We’re energetic and we’re ambitious and we have an amazing product, but we’re still kind of a startup. And the way life works is pretty much that you have to learn to walk before you can run.
When we started Ceiphers Clothing, we figured everybody needs everyday clothes. Street clothes. So we thought we’d start there, but no. We quickly found that market was way oversaturated, and no place to dip a toe in the water.
Well then, everybody likes African colors. They’re bright, they’re lively, and very appealing. So the obvious thing to do would be to make our clothing entirely out of colorful African fabric – actually, Kitenge fabric from Kenya. My home country.
Once again, no. It turns out the average American is NOT comfortable wearing the full-on Kitenge outfit.
Back to the drawing board. (Daddy, what’s a drawing board? It’s what designers used before they had computers, son.)
A little more research taught us that adding Kitenge fabric as accents on everyday American wear hit the jackpot. Everybody who saw these pieces loved them. So we began to make shirts and hats and bow ties and chokers and other items to sell on the Web and at local fashion events. And sure, we sold some. But as you know, the Web isn’t enough.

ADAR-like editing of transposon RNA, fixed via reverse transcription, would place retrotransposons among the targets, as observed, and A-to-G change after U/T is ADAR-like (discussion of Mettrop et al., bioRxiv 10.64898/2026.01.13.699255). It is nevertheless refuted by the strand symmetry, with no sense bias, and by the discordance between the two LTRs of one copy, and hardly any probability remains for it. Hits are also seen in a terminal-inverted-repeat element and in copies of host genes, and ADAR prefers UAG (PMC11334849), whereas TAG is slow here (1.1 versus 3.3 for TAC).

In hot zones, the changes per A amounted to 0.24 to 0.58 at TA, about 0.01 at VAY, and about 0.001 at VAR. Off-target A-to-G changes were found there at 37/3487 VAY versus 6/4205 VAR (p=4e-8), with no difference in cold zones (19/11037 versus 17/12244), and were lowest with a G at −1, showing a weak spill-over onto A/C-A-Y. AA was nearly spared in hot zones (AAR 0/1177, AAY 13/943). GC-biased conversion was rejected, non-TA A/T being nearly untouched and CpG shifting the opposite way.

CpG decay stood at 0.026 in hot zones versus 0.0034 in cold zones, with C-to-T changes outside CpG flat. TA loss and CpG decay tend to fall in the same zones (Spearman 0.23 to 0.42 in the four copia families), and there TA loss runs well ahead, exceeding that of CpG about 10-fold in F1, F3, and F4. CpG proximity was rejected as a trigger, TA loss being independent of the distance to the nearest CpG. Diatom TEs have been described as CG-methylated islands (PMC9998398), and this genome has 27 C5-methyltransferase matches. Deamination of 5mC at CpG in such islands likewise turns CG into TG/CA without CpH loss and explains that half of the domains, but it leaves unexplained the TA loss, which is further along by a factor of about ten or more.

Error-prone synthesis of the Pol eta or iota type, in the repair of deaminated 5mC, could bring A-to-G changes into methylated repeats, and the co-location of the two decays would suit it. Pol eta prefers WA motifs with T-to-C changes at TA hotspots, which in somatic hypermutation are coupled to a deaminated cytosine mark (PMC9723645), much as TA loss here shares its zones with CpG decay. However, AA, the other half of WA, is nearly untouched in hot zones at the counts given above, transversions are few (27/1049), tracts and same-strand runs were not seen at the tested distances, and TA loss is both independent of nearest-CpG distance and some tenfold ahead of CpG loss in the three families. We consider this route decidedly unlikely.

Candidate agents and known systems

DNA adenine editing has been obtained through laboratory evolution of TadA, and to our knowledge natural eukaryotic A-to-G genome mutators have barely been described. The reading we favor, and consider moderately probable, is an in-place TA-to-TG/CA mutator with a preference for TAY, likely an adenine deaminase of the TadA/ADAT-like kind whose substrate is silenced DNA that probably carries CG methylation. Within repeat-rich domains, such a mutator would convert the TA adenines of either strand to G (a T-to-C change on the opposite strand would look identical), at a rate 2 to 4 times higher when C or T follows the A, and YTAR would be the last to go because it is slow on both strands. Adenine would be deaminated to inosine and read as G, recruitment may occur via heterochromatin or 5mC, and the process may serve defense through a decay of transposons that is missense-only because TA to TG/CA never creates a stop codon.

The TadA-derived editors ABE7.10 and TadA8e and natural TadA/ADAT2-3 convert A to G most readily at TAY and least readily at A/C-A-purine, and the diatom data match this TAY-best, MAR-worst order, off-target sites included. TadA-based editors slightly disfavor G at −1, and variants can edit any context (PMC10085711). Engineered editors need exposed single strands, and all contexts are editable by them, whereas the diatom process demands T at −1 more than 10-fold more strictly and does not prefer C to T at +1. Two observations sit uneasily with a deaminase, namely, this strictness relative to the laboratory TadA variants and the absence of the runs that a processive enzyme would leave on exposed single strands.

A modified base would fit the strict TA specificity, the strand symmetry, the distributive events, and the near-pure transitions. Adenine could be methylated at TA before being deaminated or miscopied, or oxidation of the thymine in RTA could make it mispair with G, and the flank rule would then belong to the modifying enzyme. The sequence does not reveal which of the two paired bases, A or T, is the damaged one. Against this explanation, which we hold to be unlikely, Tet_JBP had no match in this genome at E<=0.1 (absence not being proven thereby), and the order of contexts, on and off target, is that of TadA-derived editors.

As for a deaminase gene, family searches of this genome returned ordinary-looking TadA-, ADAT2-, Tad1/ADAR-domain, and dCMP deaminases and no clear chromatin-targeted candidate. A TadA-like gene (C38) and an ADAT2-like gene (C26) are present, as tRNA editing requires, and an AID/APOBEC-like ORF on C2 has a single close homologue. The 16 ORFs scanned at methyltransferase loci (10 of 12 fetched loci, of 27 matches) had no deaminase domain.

So to bring to market the clothing that Rachel and I have such faith in, a few months ago we signed up for Daymond John’s Success Formula program.
What a difference! I would never have expected the kind of teaching, the kind of lessons, the kind of experience that we received just in the first few weeks. We were given a mentor who guided us through the branding and rebranding of the website, our packaging, our social media pages, our “voice,” and even how we reach out to our customers. We were challenged to create an elevator pitch that helped us fine-tune our thinking about the business, and taught effective ways to solve problems.
Finally, we were given the opportunity to present our business, at the Las Vegas Entrepreneur Summit, to a number of venture capitalists, including Daymond John of Shark Tank, who is also the founder of the multi-billion dollar clothing brand Fubu.
So with our nerves on edge, we – anxious entrepreneurs at ages 25 and 24 – waited to see if we would be chosen out of about 100 others who were equally deserving of the same opportunity.